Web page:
A group of men from Covington, Tennessee is on their way to the Gulf Coast to help members of Tennessee Task Force One in their rescue efforts.
The men work for a company created since Katrina, and their efforts could save thousands more lives.
The invention is called Hydratrek and the men headed to the coast hope their new land-water vehicle will come in handy in the task force's rescue efforts.
The land-water vehicle, the Hydratrek, looks like something out of the space age.
Many hope its ability to go from land to water will help get Gulf Coast residents to safer ground.
"A lot of circumstances where its flooded, you never know what's underneath and you can transfer from the land to the water, make the rescue, come back out and travel down the land," said inventor Louis Gaither.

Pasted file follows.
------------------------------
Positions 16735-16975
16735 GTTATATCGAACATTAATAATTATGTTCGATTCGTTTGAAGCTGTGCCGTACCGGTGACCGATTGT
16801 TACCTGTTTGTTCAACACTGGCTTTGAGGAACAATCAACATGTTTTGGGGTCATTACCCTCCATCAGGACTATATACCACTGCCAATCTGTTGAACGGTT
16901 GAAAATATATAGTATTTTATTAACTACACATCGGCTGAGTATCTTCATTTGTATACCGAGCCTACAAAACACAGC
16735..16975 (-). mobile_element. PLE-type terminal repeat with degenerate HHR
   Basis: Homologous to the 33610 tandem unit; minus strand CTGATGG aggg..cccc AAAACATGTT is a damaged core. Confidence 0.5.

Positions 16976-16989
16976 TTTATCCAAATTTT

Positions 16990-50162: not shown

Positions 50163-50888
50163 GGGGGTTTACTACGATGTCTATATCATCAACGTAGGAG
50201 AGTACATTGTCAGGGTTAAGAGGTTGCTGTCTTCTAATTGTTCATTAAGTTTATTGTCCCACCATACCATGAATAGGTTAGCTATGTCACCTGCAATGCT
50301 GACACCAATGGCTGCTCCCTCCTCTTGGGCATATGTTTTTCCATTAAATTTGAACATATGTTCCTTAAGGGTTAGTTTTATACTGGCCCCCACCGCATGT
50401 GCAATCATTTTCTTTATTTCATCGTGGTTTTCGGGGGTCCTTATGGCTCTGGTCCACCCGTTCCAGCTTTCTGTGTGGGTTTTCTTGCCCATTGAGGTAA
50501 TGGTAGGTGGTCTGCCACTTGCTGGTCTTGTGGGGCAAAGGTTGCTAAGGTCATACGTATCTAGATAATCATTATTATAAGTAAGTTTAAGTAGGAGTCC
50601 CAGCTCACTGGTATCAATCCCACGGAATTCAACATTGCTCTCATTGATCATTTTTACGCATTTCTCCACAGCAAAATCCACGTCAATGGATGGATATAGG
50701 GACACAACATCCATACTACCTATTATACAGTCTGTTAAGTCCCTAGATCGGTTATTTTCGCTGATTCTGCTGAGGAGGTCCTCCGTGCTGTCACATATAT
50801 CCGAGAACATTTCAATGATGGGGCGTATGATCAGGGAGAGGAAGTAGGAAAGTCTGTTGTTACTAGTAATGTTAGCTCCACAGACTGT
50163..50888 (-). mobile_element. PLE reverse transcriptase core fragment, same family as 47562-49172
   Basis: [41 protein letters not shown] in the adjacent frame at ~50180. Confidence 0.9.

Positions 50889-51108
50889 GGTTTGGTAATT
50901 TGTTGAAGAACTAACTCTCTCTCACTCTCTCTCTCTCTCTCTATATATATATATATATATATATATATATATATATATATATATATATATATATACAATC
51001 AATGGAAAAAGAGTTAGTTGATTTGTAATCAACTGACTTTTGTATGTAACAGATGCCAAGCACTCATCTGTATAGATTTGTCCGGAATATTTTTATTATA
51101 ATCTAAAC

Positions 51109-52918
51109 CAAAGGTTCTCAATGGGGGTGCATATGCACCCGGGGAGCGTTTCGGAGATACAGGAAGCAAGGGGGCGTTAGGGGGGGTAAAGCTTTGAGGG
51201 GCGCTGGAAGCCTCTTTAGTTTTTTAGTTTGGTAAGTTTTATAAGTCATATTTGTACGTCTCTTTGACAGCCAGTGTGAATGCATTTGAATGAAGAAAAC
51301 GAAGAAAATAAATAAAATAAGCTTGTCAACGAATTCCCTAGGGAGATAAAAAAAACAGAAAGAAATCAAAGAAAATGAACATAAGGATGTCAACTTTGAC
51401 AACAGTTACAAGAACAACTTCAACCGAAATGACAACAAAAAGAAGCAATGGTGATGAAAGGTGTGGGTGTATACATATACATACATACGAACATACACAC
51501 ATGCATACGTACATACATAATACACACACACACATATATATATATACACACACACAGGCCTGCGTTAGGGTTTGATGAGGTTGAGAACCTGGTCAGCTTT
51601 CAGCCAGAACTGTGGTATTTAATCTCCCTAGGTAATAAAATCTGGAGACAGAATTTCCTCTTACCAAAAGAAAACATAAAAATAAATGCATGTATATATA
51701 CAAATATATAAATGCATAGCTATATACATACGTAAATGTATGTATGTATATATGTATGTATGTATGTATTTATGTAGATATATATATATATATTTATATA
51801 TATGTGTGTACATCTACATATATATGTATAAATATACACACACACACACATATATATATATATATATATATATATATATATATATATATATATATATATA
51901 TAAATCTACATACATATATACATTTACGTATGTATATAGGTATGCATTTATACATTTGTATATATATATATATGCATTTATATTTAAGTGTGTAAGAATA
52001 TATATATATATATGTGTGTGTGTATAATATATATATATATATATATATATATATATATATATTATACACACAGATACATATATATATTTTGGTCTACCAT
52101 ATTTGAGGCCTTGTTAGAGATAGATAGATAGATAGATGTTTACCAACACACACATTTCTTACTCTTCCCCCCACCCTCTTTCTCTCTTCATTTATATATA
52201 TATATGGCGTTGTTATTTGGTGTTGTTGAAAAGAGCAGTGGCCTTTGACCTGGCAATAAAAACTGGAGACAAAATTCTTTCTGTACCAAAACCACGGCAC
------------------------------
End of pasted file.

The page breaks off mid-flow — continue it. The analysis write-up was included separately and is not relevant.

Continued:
Seven men from as far away as Kentucky left Covington on Sunday.
They're taking four of the Hydratrek units to areas hardest hit by Hurricane Gustav.
"Its easy on the people - the folks we go to rescue would feel more comfort trying to get into something like this than a small John boat full of everything," said Jack Rickett with Feed the Children.
Rickett was in New Orleans after Hurricane Katrina and says a Hydratrek would have helped in his rescue efforts.
"We could have got people that were stranded and brought them over into safety at some of the shelters and grouped them up instead of leaving them on their porches," Rickett said.
Officials with the TN Task Force say had they had the Hydratrek in New Orleans when Katrina hit 3 years ago, they could have rescued about two thousand more people.
And even though these men hope to find minimal damage when they arrive, they say the Hydratrek is essential to rescue efforts in areas hardest hit by Hurricane Gustav.
The group also took four trailers along with the Hydratrek units. Each trailer can hold up to nine people.
The group is scheduled to meet up with Tennessee Task Force One in Houston and then deploy from there.